It comes with the source. Like Lloyd C. Douglas’s novel and John M. Stahl’s original adaptation (with Robert Taylor and Irene Dunne), Sirk’s 1954 update is a religious sermon disguised as a hokey romance between medical school dropout Bob Merrick (Rock Hudson) and widow Helen Phillips (Jane Wyman, prettier than a doctor’s wife should ever be).
When Merrick wrecks his speedboat going 180mph, the town’s only resuscitator is put to his use, just when the respected Dr. Phillips needs it more. Haunted by his selfishness, Merrick gets drunk and takes a drive, winding up in a ditch outside of the doctor’s friend’s house. Lugging a none-too-subtle ‘DANGER’ sign (which he may as well be carrying for the whole 108 minutes) to the door, he’s invited in.
The friend is Randolph (Otto Kruger), a painter who, like the rest of the lakeside town, was “touched” by Dr. Phillips. After a cold, sobering shower, he lets Merrick in on his “source of infinite power,” a Sunday school sermon that encourages one to be serviceable to others in secret. Merrick sees the chance to redeem himself for Helen, even after Randolph warns him of the “magnificent obsession,” a mantra that becomes a recycle sound clip throughout the film, lest the audience forget why they’re here.
In true melodramatic style, everything backfires, leaving Helen blind and inoperable (and offering faux-philosophical metaphors on the “constant darkness” in her life), her stepdaughter Joyce (Barbara Rush) furious at Merrick, and the playboy clutching at every chance he concocts for himself.
Sirk solidified his place in film history by making Technicolor expressionism for Universal Pictures, like 1955’s All That Heaven Allows (also with Hudson, Wyman, and Agnes Moorehead), ‘56’s Written on the Wind, and Magnificent Obsession, which collectively is a trilogy of sorts. In each, the gorgeous postcard locales and swelling score serve less as theatrics than as distractions from the characters’ tragic destinies.
Only in Magnificent Obsession, Sirk refuses to let Merrick and Helen become permanent victims, using every contrivance he can for his own obsession: to give his characters a free pass to a happy ending in his safe, naïve, preachy, religious soap opera.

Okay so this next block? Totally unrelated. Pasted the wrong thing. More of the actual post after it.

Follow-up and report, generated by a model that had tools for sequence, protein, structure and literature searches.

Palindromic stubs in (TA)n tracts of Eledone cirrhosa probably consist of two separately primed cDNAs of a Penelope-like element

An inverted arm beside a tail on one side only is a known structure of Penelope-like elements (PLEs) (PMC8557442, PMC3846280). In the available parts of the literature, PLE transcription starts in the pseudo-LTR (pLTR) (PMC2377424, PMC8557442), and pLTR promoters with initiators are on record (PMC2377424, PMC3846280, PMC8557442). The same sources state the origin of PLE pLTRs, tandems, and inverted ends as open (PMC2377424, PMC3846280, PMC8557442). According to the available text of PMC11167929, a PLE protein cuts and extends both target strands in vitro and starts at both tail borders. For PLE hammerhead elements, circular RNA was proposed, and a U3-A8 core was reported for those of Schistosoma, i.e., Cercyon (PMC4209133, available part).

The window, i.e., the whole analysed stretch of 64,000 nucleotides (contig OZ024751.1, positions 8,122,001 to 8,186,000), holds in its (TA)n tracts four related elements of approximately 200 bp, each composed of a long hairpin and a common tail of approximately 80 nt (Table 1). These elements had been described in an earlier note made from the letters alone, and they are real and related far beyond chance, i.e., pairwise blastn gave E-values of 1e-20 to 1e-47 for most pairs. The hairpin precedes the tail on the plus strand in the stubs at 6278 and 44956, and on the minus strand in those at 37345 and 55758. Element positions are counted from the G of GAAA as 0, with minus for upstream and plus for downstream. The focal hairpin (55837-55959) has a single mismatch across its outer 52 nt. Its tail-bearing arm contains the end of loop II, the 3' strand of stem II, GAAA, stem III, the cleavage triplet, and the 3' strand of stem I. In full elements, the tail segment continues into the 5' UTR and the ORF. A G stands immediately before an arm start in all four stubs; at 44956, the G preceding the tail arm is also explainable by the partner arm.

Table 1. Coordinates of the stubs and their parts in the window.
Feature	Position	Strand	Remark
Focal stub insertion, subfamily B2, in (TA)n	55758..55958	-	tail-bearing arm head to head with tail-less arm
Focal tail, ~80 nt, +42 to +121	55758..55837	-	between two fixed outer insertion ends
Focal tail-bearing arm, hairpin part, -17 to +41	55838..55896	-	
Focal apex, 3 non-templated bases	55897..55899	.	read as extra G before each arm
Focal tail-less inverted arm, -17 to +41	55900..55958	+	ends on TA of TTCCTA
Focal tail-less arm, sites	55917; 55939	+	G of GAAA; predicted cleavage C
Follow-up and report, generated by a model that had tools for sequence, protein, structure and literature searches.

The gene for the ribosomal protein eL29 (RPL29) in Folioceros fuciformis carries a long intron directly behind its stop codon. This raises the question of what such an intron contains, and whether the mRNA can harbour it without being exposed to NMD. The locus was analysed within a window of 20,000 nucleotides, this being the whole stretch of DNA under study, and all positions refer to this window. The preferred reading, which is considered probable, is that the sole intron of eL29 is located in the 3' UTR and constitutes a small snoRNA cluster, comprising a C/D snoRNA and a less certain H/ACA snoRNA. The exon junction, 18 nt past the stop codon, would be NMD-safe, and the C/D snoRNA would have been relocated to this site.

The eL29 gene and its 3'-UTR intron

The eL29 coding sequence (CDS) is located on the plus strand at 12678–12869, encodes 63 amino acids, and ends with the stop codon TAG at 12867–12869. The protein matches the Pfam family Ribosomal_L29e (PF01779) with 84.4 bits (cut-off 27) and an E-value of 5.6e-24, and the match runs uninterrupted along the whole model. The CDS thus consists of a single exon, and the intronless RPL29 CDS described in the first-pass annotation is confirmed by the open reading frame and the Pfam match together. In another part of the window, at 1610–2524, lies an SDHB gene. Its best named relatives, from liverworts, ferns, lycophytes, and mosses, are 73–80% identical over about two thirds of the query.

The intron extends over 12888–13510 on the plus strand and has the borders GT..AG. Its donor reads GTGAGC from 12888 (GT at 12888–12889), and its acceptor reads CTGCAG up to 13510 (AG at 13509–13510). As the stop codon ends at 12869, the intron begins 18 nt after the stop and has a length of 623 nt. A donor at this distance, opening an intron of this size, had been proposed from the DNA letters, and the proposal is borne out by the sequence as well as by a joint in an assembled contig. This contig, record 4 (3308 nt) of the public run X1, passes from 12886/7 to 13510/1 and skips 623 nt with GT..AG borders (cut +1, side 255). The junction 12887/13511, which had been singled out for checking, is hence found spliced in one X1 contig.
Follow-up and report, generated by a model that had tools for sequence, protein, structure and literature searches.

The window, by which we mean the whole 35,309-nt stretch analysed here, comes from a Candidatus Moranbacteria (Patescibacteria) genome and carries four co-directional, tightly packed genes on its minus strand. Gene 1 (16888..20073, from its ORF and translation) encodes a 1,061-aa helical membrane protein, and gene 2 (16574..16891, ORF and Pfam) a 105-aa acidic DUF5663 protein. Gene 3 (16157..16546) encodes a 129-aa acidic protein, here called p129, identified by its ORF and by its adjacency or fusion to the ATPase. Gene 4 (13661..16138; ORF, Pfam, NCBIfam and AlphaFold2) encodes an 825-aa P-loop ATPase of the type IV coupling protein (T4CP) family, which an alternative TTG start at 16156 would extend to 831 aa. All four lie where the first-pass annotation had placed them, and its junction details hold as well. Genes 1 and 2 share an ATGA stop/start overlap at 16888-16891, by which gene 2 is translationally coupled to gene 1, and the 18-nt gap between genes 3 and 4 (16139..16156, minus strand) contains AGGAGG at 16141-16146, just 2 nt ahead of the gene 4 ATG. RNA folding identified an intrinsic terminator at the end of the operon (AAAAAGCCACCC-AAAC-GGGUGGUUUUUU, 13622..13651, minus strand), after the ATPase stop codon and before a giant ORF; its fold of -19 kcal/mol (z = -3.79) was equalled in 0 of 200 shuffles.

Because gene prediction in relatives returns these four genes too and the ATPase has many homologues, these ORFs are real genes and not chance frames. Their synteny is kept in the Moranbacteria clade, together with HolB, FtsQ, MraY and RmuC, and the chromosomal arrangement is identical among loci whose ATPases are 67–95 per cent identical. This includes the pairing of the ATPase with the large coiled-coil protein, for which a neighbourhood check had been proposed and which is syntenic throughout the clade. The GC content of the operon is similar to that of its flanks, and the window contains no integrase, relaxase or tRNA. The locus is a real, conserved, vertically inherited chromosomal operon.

Audio Commentary featuring Film Scholar Thomas Doherty: The professor and author provides an educated track, noting details on Douglas Sirk’s background, differences between both versions of Magnificent Obsession, the cast, religion and sexuality in Hollywood at the time, the melodramatic style, and much, much more.
Video Interviews: Filmmakers Allison Anders (9:10) and Kathryn Bigelow (13:17) sit down for newly-recorded pieces. Both directors discuss their love of Sirk, with Anders (Border Radio) focusing on revisiting Magnificent Obsession and the similarities throughout his films, while Bigelow (Strange Days) shares her experiences viewing Sirk’s films and meeting/interviewing the director.
Magnificent Obsession (1935): Directed by John M. Stahl (1934’s Imitation of Life, which Douglas Sirk also remade), this original adaptation of Lloyd C. Douglas’s novel stars Irene Dunne and Robert Taylor in the roles of Helen Hudon and Robert Merrick. It isn’t altogether different than Sirk’s colorful version, apart from the obvious stylistic distinctions, but Dunne’s performance is worth seeing.
From UFA to Hollywood: Douglas Sirk Remembers (1:22:31): In this 1991 talking head documentary directed by Eckhart Schmidt, Sirk reflects on his days at UFA (Universum Film AG), his move to Hollywood, the star system, specific films (Written on the Wind, The Tarnished Angels), and much more. It can be a bit dry and long, but is also an invaluable addition for Sirk enthusiasts.
Also included in this 2-Disc Criterion Collection is a 16-page booklet with a new essay titled “Magnificent Obsessions” by film critic Geoffrey O’Brien, who has contributed to, amongst other publications, Film Comment and Village Voice.